Our Blog: Plants and other Stories

#ENJOY

​BotSoc branch puts paradise on a wall​

 

MAR 31, 2021 | TEXT AND PHOTOS BY THE Botanical Society KZN Coastal Branch.

 

 

 

 

The bold and beautiful strelitzia is now celebrated in a glorious mural at the Durban Botanic Gardens, thanks to BotSoc’s KwaZulu-Natal Coastal Branch!

Don’t miss it next time you enjoy a visit to Africa’s oldest surviving botanic gardens.

 

Above: Artist Giffy Duminy brought the strelitzia mural to life, step by step, using a combination of spray paint and paint, turning the wall into a masterpiece. Photos: Botanical Society KZN Coastal Branch.

 

The strelitzia is celebrated as the provincial flower of KwaZulu-Natal.

It also has a proud place of honour on the province’s coat of arms.

It is often called the bird of paradise or crane flower because its brightly coloured bloom recalls the shape of the bird’s head and beak. The plant with its powerful punch of orange petals is known botanically as Strelitzia reginae.

 

 

Now it also gives a strong wow factor to the stunning mural designed and painted by renowned Durban-based street artist and nature enthusiast Giffy Duminy. BotSoc’s KwaZulu-Natal Coastal Branch sponsored the mural.

Despite choosing to start at the drier end of Durban’s summer, rain still stopped painting sometimes, says Giffy. Watch him at work in the video above.

Giffy depicted four indigenous strelitzia in his colourful mural. It brightens a previously utilitarian brick wall, one of Giffy’s favourite surfaces for painting outdoor murals.

The mural creates a bright hug of background colour. This offsets the special strelitzia garden that has been founded within the Durban Botanic Gardens in a multi-platform initiative led by curator Martin Clement and supported by the Durban Botanic Gardens Trust.

 

Above: The Mandela’s Gold strelitzia (Strelitzia reginae) shows its magnificence in the Kirstenbosch National Botanical Garden. Photo: LoveGreen Communications.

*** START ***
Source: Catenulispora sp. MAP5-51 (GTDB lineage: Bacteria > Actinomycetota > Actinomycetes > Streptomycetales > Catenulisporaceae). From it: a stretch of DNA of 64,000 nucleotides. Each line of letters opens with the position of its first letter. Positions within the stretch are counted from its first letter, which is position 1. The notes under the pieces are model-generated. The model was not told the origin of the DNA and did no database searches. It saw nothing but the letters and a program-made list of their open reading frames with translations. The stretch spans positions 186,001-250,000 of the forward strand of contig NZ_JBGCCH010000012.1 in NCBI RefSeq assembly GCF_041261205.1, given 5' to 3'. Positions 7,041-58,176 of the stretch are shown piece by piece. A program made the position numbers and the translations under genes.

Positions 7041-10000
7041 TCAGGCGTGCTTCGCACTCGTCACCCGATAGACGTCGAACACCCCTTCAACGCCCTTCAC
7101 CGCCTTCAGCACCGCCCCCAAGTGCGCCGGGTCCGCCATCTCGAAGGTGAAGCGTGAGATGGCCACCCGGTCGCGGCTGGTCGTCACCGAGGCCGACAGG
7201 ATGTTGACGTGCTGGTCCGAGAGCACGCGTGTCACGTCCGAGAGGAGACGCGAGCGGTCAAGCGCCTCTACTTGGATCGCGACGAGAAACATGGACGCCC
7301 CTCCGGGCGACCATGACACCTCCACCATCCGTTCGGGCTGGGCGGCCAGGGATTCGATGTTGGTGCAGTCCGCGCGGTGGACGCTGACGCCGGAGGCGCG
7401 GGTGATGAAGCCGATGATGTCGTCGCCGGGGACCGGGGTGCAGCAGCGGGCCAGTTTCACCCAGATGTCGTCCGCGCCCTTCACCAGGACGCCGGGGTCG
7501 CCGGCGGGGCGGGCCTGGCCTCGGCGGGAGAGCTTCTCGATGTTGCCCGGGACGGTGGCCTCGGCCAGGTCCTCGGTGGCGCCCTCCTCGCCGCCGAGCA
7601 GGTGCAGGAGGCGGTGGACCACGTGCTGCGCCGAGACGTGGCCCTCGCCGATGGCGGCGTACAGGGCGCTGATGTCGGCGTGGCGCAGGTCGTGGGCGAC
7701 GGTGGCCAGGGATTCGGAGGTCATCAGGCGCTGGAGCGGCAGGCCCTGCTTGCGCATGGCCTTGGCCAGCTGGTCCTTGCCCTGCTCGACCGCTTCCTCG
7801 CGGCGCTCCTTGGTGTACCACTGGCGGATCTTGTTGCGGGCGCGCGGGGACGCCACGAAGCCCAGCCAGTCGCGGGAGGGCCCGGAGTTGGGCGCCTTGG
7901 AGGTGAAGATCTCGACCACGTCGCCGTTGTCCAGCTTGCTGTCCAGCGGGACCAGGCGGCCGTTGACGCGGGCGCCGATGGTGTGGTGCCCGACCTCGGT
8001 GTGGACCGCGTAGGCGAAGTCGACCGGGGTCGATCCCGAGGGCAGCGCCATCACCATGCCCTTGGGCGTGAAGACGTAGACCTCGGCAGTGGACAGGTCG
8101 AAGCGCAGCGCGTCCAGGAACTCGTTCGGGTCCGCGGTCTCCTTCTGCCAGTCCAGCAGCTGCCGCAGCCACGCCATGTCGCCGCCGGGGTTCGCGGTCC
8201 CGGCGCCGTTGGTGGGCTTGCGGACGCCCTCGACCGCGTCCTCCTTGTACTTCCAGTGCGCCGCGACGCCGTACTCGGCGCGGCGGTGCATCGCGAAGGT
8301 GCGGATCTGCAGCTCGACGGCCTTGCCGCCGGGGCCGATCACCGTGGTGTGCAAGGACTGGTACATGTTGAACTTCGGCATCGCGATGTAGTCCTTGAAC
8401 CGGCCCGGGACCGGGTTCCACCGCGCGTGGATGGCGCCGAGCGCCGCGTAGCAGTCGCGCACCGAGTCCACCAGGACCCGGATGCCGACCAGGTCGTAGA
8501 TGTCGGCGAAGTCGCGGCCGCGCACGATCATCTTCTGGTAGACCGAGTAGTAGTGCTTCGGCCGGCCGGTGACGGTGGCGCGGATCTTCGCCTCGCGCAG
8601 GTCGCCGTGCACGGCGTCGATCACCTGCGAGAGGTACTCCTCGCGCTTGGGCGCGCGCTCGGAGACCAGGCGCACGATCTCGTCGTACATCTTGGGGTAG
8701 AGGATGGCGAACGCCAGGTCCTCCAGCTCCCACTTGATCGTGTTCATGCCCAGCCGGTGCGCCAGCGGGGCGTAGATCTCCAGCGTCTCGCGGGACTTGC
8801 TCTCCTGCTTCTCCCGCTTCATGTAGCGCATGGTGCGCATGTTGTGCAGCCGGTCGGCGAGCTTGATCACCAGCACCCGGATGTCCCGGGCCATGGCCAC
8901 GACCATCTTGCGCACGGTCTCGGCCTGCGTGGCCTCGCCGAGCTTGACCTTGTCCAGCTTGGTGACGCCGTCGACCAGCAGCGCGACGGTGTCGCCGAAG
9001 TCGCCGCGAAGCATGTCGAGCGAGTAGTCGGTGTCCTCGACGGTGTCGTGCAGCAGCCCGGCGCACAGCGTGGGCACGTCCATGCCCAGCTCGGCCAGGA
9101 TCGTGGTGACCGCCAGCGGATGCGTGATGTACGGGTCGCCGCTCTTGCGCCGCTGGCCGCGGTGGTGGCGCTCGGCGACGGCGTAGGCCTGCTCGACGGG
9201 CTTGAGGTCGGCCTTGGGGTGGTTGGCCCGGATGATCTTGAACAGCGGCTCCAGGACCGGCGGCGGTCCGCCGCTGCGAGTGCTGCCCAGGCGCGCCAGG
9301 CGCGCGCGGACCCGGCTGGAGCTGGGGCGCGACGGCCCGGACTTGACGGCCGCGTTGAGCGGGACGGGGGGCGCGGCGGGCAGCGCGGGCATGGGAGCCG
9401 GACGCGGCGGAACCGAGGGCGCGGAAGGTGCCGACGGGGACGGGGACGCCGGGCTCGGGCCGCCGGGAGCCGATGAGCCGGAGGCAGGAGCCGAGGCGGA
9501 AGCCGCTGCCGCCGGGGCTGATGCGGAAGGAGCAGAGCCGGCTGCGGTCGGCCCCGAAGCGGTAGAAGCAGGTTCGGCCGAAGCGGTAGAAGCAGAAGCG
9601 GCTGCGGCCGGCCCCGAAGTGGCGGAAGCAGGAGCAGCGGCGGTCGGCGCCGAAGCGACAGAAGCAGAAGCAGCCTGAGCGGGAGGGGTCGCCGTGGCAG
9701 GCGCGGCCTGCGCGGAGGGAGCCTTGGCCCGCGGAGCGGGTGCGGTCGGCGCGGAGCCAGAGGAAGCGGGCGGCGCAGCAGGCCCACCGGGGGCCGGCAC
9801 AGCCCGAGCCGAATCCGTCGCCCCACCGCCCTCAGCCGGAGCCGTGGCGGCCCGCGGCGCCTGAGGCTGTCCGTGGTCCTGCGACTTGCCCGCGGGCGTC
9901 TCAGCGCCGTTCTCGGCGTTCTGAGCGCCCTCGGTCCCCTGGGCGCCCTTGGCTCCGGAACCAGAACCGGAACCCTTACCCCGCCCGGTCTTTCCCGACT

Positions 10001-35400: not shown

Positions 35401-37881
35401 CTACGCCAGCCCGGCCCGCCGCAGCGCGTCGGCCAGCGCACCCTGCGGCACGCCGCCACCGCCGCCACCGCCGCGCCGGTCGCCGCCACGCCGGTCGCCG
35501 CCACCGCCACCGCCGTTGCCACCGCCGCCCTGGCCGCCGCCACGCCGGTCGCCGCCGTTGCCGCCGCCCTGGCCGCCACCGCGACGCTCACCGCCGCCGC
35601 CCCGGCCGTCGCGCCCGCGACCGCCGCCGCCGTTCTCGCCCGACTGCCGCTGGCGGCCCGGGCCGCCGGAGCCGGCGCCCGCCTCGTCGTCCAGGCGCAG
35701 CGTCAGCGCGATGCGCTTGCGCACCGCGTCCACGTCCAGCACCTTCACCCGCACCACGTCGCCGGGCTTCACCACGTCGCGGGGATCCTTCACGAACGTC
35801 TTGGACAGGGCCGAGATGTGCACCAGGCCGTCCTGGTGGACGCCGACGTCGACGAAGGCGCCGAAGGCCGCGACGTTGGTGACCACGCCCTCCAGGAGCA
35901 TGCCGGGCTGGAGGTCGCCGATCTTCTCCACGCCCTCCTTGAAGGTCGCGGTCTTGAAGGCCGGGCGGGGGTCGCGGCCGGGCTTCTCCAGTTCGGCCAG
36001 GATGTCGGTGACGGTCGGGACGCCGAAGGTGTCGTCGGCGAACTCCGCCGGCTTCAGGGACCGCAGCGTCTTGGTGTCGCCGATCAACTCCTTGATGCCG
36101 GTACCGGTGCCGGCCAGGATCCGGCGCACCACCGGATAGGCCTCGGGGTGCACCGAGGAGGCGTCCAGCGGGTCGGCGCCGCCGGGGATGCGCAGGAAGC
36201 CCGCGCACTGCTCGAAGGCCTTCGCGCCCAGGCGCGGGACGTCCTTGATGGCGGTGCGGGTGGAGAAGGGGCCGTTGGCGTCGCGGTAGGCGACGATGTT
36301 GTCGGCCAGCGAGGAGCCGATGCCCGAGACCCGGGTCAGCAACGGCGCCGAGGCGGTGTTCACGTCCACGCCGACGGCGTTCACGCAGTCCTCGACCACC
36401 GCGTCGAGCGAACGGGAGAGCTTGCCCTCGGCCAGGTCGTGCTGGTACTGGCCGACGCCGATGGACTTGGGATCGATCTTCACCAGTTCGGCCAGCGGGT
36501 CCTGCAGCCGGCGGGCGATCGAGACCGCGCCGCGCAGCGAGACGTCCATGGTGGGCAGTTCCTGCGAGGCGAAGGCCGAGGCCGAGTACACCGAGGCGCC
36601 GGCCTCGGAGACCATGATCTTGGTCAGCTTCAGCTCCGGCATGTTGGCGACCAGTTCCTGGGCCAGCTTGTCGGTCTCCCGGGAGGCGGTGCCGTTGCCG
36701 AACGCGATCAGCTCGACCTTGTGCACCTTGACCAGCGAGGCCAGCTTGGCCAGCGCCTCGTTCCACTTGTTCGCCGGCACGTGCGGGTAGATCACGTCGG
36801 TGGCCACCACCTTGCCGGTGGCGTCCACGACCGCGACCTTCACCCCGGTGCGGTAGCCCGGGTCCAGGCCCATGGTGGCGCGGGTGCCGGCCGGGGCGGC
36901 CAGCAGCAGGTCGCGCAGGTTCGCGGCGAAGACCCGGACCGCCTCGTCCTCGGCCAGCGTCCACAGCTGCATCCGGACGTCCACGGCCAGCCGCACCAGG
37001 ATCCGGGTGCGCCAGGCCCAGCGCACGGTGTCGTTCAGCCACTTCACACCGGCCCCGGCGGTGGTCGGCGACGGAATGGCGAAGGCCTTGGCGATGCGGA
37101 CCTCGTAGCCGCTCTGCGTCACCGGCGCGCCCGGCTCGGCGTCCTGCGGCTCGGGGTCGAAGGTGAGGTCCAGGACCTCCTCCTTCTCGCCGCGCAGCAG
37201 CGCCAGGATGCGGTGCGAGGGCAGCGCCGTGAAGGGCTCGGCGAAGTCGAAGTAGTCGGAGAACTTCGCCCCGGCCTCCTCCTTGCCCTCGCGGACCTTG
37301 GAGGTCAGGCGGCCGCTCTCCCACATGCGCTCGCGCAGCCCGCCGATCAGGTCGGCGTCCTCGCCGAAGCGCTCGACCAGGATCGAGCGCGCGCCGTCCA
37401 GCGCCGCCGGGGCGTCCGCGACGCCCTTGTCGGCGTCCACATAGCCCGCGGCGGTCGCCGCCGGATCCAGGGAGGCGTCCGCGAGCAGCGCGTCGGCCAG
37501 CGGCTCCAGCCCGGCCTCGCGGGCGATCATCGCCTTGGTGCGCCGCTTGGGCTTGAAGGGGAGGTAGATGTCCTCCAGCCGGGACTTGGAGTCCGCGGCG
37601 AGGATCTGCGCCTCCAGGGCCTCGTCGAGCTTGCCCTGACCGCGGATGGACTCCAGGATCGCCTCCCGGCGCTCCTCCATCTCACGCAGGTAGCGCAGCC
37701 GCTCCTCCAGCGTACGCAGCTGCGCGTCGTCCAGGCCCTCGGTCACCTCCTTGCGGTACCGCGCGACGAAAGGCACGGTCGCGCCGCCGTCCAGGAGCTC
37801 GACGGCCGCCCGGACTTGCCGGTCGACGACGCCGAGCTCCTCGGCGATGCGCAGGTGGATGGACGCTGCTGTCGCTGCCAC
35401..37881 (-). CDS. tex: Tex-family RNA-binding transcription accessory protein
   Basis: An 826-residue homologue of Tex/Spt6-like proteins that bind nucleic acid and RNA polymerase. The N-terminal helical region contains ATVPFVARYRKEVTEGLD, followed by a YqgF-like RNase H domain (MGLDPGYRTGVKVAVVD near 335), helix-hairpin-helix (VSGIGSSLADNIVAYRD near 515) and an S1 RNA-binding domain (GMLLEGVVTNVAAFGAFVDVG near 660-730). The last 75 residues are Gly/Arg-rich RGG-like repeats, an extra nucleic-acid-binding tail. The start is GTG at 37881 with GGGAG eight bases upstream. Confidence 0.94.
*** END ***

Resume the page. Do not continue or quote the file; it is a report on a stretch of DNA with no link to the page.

Strelitzia collection

This strelitzia collection also features the treelike KZN coastal wild banana (Strelitzia nicolai) which flourishes in the province. Other shrublike strelitzias include the Strelitzia juncea, which has leaves like long reeds and tends to be found in the Eastern Province, and the two commemorative golden varieties created by the horticulture team at Kirstenbosch National Botanical Garden, Mandela’s Gold and Kirstenbosch Gold.

Among other strelitzias that the Durban Botanic Gardens team hopes to add are the treelike Strelitzia alba, a “cousin” of the KZN coastal wild banana that comes from the southern Cape, and Strelitzia caudata from mountainous areas in the Drakensberg and Swaziland through to Zimbabwe.

 

 

Strelitzias of the world

In the areas around the strelitzia garden, you can see other family members such as the traveller’s palm (Ravenala madagascariensis) from Madagascar and, even more distantly related, the familiar canna lily.

The strelitzia garden is part of a Durban Botanic Gardens Trust project to help the gardens celebrate its provincial flower. This has also included producing a fascinating and colourful coffee-table book, Strelitzias of the world.

“We are delighted to have been able to contribute,” says branch chair Suvarna Parbhoo Mohan. “Giffy’s work has really proved to be a thrilling finishing touch to the strelitzia garden.”

For more comment from Durban Botanic Gardens and Giffy, go here.

 

1 Comment

  1. This wall now looks absolutely splendid!

Submit a Comment

Your email address will not be published.

Mamelodi’s hill of dreams
The Humble Spekboom: Climate Change Saviour or Overrated Fad?
Spotlight on Pelargoniums: Stalwarts of the Waterwise Garden
Spectacular Spurflowers: Beautiful blooms for the shaded indigenous garden
1 2 4

Office hours

Monday to Friday 08h30 to 16h00. Closed on weekends and public holidays.

Call Us

+27 (0) 21 797 2090
+27 (0) 21 797 2376

Or contact us by sending a Whatsapp message to +27 65 922 6163 during our office hours.

GET INVOLVED

BECOME A MEMBER

DONATE

LEAVE A BEQUEST

VOLUNTEER

Pin It on Pinterest

Share This